Louisiana voters to consider constitutional amendment on authority to waive water charges
NEW ORLEANS (WVUE) - Michael Maxie strolled toward the New Orleans Sewerage and Water Board office with a portfolio in his hand. It contained something he could not ignore.
“I got a $3,000 water bill right now,” said Maxie.
The bill showed more than $3,200 due. His previous bill was less than $100.
“My last water bill was $94,” said Maxie.
So, he headed to the agency to dispute the bill.
“They say that I have a leak but I have no leaks in my house, now you can even come with this camera and see that, you know, because all my pipes run through the ceiling, so if I had a leak the whole house would be full of water,” said Maxie.
Oliver Thomas is a New Orleans city councilman who hears about suspect bills a lot.
“We’re all familiar with those challenges. I never forget, one of my neighbors, right, had a dispute with Sewerage and Water Board about a bill attached to his property that started with a pipe in the public right away, you know, the leak wasn’t even on his property, the leak was on municipal property, the leak had something to do with the system,” said Thomas.
Water bill disputes are common and are not confined to New Orleans.
So, a proposed constitutional amendment to Louisiana’s constitution is on the Nov. 8 ballot.
It asks voters, “Do you support an amendment to allow local governments to waive water charges that are the result of damage to the water system not caused by the customer?”
Thomas reacted to the referendum.
“Anything we can do to take some of the burden and stress away from the ratepayers and away from the customers I think it’s a good thing,” he said.
Louisiana law generally prohibits state and local government agencies from loaning, pledging, or donating money, credit, property or things of value to a person or business. A prohibition that includes agencies and boards that oversee public water systems.
The Public Affairs Research Council, a non-profit, puts explanations of constitutional amendments on its website. And it also showcased arguments for and against the proposed changes to the constitution.
The argument for Constitutional Amendment 4: Water system administrators should have flexibility to help customers if bills were improperly increased by damage out of the control of a customer, such as infrastructure problems caused during an ice storm, flood or other disaster. Many other states offer that flexibility to their water utilities. The waivers are permissive, not required.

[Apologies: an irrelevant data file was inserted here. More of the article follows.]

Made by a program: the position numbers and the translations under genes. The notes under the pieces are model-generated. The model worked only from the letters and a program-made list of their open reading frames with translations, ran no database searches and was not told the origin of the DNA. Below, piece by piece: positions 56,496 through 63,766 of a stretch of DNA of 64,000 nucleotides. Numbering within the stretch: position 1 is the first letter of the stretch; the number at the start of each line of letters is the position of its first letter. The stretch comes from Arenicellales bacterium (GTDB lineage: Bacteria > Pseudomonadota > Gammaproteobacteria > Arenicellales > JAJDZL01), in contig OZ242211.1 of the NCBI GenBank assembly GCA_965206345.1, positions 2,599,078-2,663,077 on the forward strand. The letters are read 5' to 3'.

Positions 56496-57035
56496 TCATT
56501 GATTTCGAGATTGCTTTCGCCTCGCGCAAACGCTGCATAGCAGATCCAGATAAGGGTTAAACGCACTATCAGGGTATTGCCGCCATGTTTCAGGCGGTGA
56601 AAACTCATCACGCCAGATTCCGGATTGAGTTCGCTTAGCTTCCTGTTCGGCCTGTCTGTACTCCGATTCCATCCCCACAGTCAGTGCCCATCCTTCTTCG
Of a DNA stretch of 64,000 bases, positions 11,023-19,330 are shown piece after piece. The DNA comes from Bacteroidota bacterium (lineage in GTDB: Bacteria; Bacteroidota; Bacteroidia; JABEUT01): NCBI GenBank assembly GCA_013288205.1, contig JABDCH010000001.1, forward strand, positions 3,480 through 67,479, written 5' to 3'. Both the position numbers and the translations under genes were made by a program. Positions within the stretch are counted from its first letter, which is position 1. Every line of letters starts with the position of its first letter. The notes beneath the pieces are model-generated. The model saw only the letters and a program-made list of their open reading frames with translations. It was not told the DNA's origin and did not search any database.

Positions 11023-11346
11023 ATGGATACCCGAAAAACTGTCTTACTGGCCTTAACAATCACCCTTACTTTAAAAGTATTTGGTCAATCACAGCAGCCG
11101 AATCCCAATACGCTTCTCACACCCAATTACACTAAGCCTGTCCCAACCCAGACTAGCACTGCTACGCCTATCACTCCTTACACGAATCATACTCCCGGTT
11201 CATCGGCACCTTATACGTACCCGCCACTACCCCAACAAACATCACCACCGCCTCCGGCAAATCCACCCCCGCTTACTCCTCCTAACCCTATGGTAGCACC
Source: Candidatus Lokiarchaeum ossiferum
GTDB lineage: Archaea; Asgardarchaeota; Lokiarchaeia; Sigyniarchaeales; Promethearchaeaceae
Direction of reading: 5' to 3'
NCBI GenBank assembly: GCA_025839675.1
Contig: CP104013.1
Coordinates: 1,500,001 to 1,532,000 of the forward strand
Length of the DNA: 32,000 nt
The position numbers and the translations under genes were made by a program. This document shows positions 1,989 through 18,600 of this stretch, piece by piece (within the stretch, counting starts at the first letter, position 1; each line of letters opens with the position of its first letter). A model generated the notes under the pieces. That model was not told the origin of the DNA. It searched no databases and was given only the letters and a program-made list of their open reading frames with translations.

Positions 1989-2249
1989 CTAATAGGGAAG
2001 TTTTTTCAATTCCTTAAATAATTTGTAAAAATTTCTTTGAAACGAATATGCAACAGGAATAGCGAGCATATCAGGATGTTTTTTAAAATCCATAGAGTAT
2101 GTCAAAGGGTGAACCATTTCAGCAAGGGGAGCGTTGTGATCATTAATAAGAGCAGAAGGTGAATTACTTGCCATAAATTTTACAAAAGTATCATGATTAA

The argument against Constitution Amendment 4: Allowing widespread waivers of customer charges undermines system sustainability, taking away much-needed money from systems already struggling with outdated infrastructure. Changing the prohibition makes system administrators more vulnerable to outside political pressure. Water system administrators can offer payment plans to deal with hefty charges.
Often it is the responsibility of property owners to prove the problem with the water system infrastructure is not on their property.
“I saw one the other day that was $20,000, right? And the onus is on them to then hire a master plumber or do an inspection of their system when the leak is in front of their property which is crazy, right?”
The S&WB in New Orleans says it has existing policies relating to waiving water charges that are not caused by the customer as well as if there is a leak on the property.
The agency provided the following information about its policies.
- A leak on your property – A customer is responsible to have the leak repaired. They must notify us in writing with proof of the repairs. Proof consists of a statement of work by a licensed plumber or a signed letter from you stating the extent of the repairs completed with copies of any receipts for supplies.
- After SWBNO receives a meter reading that indicates a customer’s water usage has returned to normal, we will adjust 50% of the excess sewer fees and 50% of the excess water fees for leaks that occurred above ground, such as leaking fixtures. We will adjust 100% of the excess sewer fees and 50% of the excess water fees for leaks that occurred in underground pipes. Normal usage is considered the average of the two most recent actual meter reads before the leak occurred. Excess sewer and water usage is considered water and sewer used above that of your normal usage.
- A leak that was the responsibility of SWNBO – We will remove 100% of the excess sewer fees and 100% of the excess sewer fees from your bill.
- An unexplained high bill - When there is no clear cause of the high bill and the following month’s water use returns to normal, SWBNO can make a once-per-year adjustment of your water consumption to match your account’s last actual meter reading that is similar to your account’s normal water use. If your water use on subsequent bills continues to be high, you will be notified that you should check your property for leaks. No adjustment will be made in this case.
Further, it says customers who are not satisfied with bill adjustments or result of bill investigations may request a hearing before an administrative hearing officer.
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